There may be some exceptions taken to the distinction made in this article between forgiveness and the remission of sins, because the same Greek word is used for both terms (aphesis, or aphiemi, which literally means (1) deliverance, forgiveness, liberty, pardon; (2) to send forth, to cry, forgive, forsake, lay aside, leave, let alone, omit, put away, remit, suffer, yield up, etc.). While all these terms are expressed by the same word in the Grecian language, yet we are aware of the fact that they are different in meaning in our modern English language. Any person may “forgive” another for their sins or trespasses, but they cannot “remit”, or take away their sins, even though the same Greek word is used in expressing both actions.

On Pentecost the people repented of their sins, but were baptized in the name of Jesus Christ for the “remission” or the “taking away” of their sins. Saul of Tarsus was a converted man; a chosen vessel unto the Lord, even before Annanias met him, but his sins were not washed away until he was baptized, “washing away” sins. (Acts 22:16). If such was the method in the days of the apostles, according to only authentic church history in the world, why should men be afraid to follow the same practice now?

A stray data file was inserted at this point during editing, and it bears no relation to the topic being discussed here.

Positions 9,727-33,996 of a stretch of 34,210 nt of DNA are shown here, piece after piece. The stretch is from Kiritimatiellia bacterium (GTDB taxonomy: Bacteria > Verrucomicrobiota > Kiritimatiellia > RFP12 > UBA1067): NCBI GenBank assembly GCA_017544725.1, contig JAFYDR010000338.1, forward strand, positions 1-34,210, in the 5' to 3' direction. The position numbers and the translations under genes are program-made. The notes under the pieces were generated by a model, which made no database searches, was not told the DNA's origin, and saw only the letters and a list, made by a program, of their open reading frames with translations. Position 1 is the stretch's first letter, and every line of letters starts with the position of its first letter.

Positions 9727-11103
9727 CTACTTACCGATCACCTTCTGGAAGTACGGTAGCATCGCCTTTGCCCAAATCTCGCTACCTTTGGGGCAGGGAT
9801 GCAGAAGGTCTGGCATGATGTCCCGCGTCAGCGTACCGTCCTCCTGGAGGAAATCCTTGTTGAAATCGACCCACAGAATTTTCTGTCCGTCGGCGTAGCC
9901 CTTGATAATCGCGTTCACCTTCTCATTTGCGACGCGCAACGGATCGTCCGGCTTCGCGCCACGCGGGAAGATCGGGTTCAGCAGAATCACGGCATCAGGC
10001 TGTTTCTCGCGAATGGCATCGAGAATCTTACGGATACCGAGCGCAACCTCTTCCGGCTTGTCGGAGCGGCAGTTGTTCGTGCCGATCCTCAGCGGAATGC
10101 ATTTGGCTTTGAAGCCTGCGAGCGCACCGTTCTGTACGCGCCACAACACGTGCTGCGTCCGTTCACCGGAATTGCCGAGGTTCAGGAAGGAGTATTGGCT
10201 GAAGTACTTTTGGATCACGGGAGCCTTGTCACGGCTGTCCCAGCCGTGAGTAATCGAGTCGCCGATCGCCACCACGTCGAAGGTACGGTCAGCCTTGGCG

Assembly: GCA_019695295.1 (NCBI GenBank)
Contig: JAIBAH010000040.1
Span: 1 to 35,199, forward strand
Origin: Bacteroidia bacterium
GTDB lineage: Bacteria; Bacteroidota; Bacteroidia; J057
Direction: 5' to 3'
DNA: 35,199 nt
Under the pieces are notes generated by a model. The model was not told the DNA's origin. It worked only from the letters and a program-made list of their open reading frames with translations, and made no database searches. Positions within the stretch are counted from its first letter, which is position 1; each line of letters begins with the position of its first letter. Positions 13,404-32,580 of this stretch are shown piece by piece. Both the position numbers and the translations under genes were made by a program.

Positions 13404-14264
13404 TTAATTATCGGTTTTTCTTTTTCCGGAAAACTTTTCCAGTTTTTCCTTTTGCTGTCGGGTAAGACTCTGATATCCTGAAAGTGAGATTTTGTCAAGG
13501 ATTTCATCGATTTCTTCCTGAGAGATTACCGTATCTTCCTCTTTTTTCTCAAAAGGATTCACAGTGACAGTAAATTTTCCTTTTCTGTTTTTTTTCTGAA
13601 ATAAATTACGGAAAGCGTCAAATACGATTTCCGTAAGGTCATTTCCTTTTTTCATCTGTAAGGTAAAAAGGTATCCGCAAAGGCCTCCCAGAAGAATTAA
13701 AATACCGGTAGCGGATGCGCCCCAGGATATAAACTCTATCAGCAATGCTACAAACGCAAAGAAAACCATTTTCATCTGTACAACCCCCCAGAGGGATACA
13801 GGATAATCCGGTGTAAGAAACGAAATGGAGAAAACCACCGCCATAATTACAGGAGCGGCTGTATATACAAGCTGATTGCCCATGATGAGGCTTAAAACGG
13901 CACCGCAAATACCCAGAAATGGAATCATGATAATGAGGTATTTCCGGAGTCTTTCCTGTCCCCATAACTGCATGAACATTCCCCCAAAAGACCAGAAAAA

If we are seeking for a revival of genuine apostolic power, how do we expect to attain unto it when we ignore such simple fundamental teachings? If we are going to baptize people at all in water, why not baptize them according to the record of the book of Acts?

Thank God, the time is near at hand when all God’s servants will soon see eye to eye. Surely all will agree that there is no other name under heaven, given among men, whereby we “shall be saved,” and that is the name of JESUS. Water baptism will save all who are truly baptized in Jesus’ Name. Water baptism is generally claimed to be non-essential, and we can say also, “of a truth it is, if it has not been administered in the name of Jesus Christ, the only name that is able to make it an essential act.”
Let us rejoice that not only have we had our sins forgiven, but that they also have been remitted, or “washed away,” in Jesus’ Name.